Turning a Negative to a Postive

Be aware. A joke to you may not be a joke to someone else.

A few days ago this was going to be a completely different post. I am glad I did not make the time to write that post because then I’d have to write what would be considered a retraction.

Growing up somehow I never saw myself as different from my peers. Even though my skin was noticeably darker and my hair was never loose, long and flowing. Not until I entered the adult world was I reminded how different I was. I was not only different from majority but I also had a hard time with the minority. Since I am married to a white man and our children are surface level white, that never “helps”. I will get followed in stores by loss prevention. The look of surprise that crosses people’s faces when I introduce myself as The Boy or Baby Girl’s mother. And I will get told I am not “black enough” since I question what made Obama such a great President and I do not believe Oprah or Beyonce are the greatest things since sliced bread.

Professionally, I have dealt with comments indicating that that is what black people do; they steal. And the suspicious person who is only suspicious because he is black; you know, you can tell he does not belong here.

I swallow this. All of these years I have swallowed all of it. Mostly because I refuse to fall into the trap of “Angry Black Woman”. I know a lot of people expect me to react a certain way to things just because of the color of my skin. If nothing nothing I want to show the uneducated and ignorant how ignorant and uneducated they are.

Of all of the things I have dealt with throughout my life I had never been the butt of joke.

It was hurtful, thoughtless and insensitive.

At first I laughed. That is my reaction most times. My laughter was not at the joke but at how inappropriate the joke was from two white people towards a black woman. At first, I thought it was just me being a little sensitive. As the day went on and I told more people their reaction was similar. I think it even made others uncomfortable when the “joke” was explained.

Later that night I spoke to my parents. They are the only people in my life that look like me and could remotely understand how hurtful this was. While I confided in my husband as well, he does not know what it is like to be a black person in a white world. I tell him the things that happen to me, or that are said around me and I know he empathizes. Even though my husband does not understand entirely what it is like he provided me with the most insight. He helped me see that what was done was not out of malice; they were not trying to be mean – they were just clueless. While what was done was completely inappropriate, they maybe felt comfortable enough around me to make such a joke. A joke they would not have made around another black person they did not know as well. I went to bed that night much calmer about the whole situation; a little less hurt. Knowing that a conversation would need to be had about how inappropriate and thoughtless the “joke” was. And how a text message “I’m Sorry” does not absolve anyone.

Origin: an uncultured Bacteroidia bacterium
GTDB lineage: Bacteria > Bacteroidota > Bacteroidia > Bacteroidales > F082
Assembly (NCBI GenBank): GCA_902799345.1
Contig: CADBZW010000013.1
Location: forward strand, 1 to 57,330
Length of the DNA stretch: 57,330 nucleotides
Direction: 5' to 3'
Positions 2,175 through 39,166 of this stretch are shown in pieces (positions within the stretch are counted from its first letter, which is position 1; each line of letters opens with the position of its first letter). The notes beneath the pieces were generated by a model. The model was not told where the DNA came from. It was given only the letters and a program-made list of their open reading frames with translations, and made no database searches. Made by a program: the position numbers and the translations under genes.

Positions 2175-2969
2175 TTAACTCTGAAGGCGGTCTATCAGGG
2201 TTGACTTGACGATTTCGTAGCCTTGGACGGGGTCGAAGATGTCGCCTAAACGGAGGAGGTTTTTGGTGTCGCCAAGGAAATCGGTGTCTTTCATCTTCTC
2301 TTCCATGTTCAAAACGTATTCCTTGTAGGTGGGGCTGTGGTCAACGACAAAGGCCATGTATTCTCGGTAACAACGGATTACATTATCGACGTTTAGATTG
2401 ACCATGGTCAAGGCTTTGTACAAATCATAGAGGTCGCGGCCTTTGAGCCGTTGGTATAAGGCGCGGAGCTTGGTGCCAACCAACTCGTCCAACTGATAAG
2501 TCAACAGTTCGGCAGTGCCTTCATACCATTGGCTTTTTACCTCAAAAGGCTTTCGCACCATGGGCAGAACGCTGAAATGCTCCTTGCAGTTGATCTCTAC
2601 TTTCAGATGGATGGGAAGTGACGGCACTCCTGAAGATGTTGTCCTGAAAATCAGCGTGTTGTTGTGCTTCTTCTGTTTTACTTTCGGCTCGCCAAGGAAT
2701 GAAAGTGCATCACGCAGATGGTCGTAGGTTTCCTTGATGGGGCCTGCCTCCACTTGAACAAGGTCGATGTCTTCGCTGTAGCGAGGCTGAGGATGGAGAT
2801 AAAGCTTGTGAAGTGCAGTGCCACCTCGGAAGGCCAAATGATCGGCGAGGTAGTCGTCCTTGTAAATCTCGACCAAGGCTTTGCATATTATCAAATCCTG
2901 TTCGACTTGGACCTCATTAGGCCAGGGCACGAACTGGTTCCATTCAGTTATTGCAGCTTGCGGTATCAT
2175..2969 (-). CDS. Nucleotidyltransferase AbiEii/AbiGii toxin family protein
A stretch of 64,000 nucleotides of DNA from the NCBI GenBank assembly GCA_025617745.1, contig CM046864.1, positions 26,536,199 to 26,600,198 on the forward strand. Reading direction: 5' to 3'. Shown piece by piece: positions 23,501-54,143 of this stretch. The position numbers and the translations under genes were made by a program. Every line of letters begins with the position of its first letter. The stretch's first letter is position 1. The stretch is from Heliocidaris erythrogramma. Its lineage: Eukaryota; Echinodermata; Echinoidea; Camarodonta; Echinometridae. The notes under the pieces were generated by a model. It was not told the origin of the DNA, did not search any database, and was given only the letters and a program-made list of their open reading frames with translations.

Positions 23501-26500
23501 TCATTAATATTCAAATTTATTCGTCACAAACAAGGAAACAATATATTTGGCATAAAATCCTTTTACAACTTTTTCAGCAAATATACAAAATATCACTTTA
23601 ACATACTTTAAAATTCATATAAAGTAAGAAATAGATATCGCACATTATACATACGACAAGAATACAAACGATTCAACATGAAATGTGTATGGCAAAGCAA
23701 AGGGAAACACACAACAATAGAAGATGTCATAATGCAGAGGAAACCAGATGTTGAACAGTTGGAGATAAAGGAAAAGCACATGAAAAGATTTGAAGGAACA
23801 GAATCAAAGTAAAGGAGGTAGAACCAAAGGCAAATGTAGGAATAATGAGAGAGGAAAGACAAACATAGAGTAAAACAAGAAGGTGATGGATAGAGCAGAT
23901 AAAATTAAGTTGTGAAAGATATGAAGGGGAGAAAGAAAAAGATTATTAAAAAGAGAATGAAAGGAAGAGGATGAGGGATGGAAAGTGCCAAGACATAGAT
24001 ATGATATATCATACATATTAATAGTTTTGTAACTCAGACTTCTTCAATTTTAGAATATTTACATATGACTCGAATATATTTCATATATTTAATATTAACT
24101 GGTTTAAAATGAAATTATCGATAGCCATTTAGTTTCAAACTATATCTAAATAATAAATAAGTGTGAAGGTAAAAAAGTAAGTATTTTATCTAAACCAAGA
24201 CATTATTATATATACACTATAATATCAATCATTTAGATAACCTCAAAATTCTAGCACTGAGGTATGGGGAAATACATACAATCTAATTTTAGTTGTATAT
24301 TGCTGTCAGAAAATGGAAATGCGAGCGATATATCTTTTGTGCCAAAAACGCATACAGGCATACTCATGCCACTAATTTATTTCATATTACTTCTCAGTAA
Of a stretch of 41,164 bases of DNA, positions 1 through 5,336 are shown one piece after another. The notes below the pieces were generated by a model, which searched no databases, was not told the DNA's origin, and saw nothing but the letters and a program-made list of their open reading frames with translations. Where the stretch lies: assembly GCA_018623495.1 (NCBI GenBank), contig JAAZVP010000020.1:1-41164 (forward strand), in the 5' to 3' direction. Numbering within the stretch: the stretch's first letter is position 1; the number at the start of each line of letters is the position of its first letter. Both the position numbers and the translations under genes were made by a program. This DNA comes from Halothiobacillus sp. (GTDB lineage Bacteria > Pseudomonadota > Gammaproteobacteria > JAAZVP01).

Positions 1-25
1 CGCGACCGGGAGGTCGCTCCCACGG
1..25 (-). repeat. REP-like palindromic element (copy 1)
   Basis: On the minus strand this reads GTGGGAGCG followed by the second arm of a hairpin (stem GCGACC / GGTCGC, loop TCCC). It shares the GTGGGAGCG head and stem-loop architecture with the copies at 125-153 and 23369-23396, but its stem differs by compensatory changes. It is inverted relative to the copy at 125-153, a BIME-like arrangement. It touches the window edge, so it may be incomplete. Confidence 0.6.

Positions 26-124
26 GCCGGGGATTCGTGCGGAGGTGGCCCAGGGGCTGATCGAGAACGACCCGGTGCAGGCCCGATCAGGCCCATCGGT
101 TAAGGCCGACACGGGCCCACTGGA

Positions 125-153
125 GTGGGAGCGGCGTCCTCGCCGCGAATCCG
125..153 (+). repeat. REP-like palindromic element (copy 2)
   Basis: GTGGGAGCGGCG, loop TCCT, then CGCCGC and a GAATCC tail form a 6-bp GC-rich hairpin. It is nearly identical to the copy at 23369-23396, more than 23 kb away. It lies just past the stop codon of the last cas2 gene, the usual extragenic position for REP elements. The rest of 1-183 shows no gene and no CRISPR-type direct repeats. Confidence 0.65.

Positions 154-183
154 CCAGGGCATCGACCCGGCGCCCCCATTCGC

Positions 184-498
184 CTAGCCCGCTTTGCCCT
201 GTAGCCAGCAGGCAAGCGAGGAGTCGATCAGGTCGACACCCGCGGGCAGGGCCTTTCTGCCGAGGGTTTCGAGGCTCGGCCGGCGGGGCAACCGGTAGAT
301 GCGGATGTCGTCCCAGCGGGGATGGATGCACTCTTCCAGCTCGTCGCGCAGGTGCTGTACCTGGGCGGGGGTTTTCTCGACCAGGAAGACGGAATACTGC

Two days later I finally answered the one person’s text message – accepting their apology and thanking them for it. Never saying “it’s okay” because it’s not. On that same day, a bouquet of flowers were delivered to me at work. The flowers were from the two individuals who made the joke. They were sorry. I think they realized what they did. I thanked them both for the flowers also indicating they did not need to do that. Hoping they learned to be a little more sensitive to those around them.

I sent a photo of the flowers and the card to my father. And his initial response was one word, THERE. A few hours later it was followed up with:

“What started as and could have ended very ugly became this beautiful flower. They say it’s a mark of spiritual evolution—to turn something negative into a positive.”

My Dad

At first, I thought my father was a little disappointed that I did not make a bigger deal out of this (because I most certainly could have). That night my mother told me that my father was really proud of me and the way I handled the whole thing.

I want to say that this event will not change me or the relationship I have with these people. But it will. The “joke” was about something that as a black woman we struggle with a lot to begin with.

The moral of this story is to not only be aware of the “jokes” you are making. But also be aware of your reactions to things. Knee-jerk reactions usually don’t work out so well in the end. Take your time; think about it, talk to people. Let your emotions settle.

JS.

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